Dr Anthony Fauci, a senior US infectious disease official, has warned of the dangers of holding Trump election rallies during the pandemic, adding that rising coronavirus hospitalisations in some states could get out of control unless robust contact-tracing regimes were in place.
Fauci warned there was a risk of either “acquiring or spreading” the virus for those who attend the president’s planned rally in Oklahoma next week, although he said he had not raised the issue with him.
“I have not specifically spoken to him about that, but the principles that I have been espousing hold true,” he told CNN, urging anyone attending to wear a mask at all times.
Globally, there are now more than 7.6 million cases, with more than 425,000 deaths recorded, according to the Johns Hopkins tracker. In the US, there have been 2,048,986 cases and 114,669 deaths.
In a separate interview with Yahoo, Fauci raised the risks at Black Lives Matter protests. “You’re having crowds, and we recommend not to go in crowds. Physical distancing is impossible,” Fauci said. “When people get animated, they get involved in the demonstration, they start chanting and shouting and screaming, very often they take their mask off.”
Texas and North Carolina on Friday reported their highest hospitalisation rates since the pandemic began. Officials in both states pointed out they also had among the lowest death rates.
Fauci underscored that increased hospitalisations was a worrying trend, however, and a sign that “maybe we need to slow down a little” on reopening the US.
“But when you start seeing more hospitalizations, that’s a sure-fire sign that you’re in a situation where you’re going in the wrong direction,” Fauci said.
Texas has been at the forefront of state efforts to reopen their economies and governor Greg Abbott on Friday said it would remain that way “because we have so many hospital beds available to anybody who gets ill”.
“For every person in a hospital bed, there are 10 open, available hospital beds available for them,” Abbott said. “So there’s plenty of hospital capacity to be able to deal with Covid-19.” He added that there was “no real need to ratchet back the opening of businesses in the state”.
In Brazil, the city of São Paulo has said it will exhume bodies buried years ago and store their bagged remains in large metal containers in a bid to free up space during the crisis.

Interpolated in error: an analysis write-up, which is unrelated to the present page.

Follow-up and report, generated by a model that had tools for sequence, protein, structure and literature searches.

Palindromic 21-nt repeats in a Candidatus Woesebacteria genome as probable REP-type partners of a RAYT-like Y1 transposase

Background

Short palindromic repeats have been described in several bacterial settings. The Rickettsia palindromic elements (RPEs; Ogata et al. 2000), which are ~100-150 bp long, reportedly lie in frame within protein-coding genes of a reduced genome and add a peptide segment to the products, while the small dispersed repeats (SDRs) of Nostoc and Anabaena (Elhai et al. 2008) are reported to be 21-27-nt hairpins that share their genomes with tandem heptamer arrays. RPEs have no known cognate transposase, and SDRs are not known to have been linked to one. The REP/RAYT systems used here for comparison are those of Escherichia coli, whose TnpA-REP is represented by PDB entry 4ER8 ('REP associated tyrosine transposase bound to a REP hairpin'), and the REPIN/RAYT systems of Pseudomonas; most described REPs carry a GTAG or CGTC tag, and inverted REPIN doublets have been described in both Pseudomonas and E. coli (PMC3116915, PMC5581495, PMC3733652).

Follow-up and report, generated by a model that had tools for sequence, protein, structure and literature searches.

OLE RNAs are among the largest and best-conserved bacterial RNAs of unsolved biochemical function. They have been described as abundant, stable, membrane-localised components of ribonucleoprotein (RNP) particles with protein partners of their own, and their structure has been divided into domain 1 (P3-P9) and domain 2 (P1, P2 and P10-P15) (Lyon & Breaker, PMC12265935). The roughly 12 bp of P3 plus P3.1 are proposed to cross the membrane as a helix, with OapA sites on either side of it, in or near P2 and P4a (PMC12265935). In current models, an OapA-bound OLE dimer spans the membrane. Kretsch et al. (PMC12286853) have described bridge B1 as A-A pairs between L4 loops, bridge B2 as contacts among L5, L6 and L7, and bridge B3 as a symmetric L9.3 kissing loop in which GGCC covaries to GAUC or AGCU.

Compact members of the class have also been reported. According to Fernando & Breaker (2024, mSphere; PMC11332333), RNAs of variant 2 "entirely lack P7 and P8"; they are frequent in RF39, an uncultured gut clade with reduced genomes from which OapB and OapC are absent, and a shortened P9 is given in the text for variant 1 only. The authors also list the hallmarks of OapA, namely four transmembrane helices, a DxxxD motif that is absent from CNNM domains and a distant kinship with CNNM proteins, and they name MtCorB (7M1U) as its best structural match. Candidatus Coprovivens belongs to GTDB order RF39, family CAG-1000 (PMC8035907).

The municipal funeral service said in a statement on Friday the remains would be placed in numbered bags, then stored temporarily in 12 containers it has bought. The containers would be delivered to several cemeteries within 15 days.
The country marked a grim milestone the same day, overtaking the UK to become the country with the second-highest Covid-19 death toll in the world.
In Argentina, a pastor turned his church into a bar in protest at the uneven easing of restrictions in his Santa Fe province. Church leaders were dressed as waiters carrying Bibles on their trays in a mock service. Pastor Daniel Cattaneo said: “So, apart from the breaded veal headed for table four, here goes the word of God.”
China reported 11 new cases on Saturday, including six domestic cases in the capital, Beijing, that raised concerns about a resurgence. Most of China’s cases in recent months have been overseas nationals tested as they returned home. The new cases have prompted Beijing officials to delay the return of students to primary schools and suspend all sporting events and group dining. City authorities on Friday also closed two markets visited by one of the known cases.
The first new case in Beijing after two months – who had no recent travel history outside the city – was reported on Thursday, and authorities confirmed two more infections the next day. The other five cases reported Saturday were brought in from overseas.
New Zealand has now gone for 22 days in a row without recording a new case. Following the recovery of an Auckland woman on Monday, it has no known active cases of Covid-19, and no one is in hospital with the virus.